Not sure why I am so excited about this. Geek obviously, but still. Normally I am fairly reserved when a new version of something comes out, but this one feels different.
I use 8.04 at work at my primary OS with a dash of VMware Workstation thrown in for Windows/Outlook and other testing. At home my machines are primarily Windows 7 thanks to my MAPS and TechNet subscription. I really love using 8.04 at work but it has some issues. Sound seems to be a big problem; often times it will just stop working for no reason until I reboot, which I don’t like to do very often. This is generally fine because I don’t do much that requires sound, but it makes it pretty frustrating when there’s an important screencast to be viewed.
More of a problem is when it slows to a crawl. It’s pretty frustrating when I am trying to get something done quickly and it becomes unresponsive for 30 seconds or longer. I would think any modern OS should be able to multitask pretty well, so I don’t know what’s going on there. This doesn’t happen a lot but when it does, it makes me wonder if I should switch back to Windows.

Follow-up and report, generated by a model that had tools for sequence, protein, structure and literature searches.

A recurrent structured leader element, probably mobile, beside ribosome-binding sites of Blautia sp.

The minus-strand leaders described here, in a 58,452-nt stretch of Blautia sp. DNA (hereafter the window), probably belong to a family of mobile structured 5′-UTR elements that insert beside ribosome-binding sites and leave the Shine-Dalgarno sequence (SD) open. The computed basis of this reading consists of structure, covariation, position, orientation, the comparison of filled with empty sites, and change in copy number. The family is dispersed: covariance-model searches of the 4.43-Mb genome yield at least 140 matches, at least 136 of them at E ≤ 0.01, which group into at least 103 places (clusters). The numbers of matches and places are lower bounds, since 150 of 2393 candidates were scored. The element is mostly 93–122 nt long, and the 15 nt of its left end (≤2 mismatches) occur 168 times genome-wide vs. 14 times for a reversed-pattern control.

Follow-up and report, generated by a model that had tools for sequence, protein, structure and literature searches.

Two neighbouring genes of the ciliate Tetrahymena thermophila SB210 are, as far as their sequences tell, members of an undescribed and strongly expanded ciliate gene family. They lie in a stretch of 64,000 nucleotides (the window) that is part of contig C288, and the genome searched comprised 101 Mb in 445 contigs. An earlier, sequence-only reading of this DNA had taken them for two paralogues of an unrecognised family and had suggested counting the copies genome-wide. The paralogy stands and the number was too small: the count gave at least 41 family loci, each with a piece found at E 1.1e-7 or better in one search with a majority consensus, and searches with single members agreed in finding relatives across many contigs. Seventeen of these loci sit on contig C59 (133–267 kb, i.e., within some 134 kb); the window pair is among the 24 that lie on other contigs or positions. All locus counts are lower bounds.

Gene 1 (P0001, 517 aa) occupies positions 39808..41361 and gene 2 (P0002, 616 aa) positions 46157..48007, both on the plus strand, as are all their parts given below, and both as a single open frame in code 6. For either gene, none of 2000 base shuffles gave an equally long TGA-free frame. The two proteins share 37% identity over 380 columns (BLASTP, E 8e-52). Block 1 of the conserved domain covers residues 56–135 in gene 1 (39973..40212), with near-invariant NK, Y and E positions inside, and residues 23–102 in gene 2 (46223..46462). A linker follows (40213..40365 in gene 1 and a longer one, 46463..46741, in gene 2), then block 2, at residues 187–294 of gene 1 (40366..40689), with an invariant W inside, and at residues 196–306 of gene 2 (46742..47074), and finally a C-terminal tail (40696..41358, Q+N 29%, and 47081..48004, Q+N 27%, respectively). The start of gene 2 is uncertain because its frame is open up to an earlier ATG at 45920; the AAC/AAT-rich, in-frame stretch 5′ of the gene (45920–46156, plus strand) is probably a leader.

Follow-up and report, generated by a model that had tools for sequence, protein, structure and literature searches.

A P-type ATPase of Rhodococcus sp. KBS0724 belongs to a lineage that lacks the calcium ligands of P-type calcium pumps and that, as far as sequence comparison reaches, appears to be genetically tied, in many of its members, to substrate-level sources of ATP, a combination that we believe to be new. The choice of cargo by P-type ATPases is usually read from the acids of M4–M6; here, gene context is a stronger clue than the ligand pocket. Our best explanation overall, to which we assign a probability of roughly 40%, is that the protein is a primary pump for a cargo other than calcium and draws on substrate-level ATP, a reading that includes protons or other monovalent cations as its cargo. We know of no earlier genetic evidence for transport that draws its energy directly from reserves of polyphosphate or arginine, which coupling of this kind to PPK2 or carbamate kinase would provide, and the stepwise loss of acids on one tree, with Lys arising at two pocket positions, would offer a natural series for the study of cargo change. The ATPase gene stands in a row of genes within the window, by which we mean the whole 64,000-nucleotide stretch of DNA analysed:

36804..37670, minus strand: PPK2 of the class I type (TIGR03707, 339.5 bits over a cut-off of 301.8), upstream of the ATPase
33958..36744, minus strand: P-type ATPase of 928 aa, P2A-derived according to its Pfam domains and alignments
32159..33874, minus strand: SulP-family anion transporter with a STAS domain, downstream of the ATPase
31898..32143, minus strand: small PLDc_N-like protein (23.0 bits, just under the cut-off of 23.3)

I am very much hoping that 10.04 fixes both issues.
In the past, I used to occasionally install Linux just for something to do, but then once it was installed, I’d be all “ok, now what?”, then destroy the installation and put Windows back on it. You could hardly blame me: all my clients were Windows-based, so there was little point in me putting much effort into Linux. Times have changed: now I wish all my clients used Linux.
As a test, I installed it under VMware Workstation. It installed fine, but after initially booting, I was unable to enter a password: the keyboard didn’t work. Not the coolest start! I clicked the little man-in-wheel icon at the bottom and selected the option to display the on-screen keyboard. After rebooting, the keyboard showed up and I logged in. Then I opened a terminal and entered:
sudo dpkg-reconfigure console-setup
After rebooting, I turned off the on-screen keyboard. Now everything is working well. Apparently this is caused by a conflict introduced by the VMware tools during automated setup, and by not doing an automated setup this shouldn’t happen.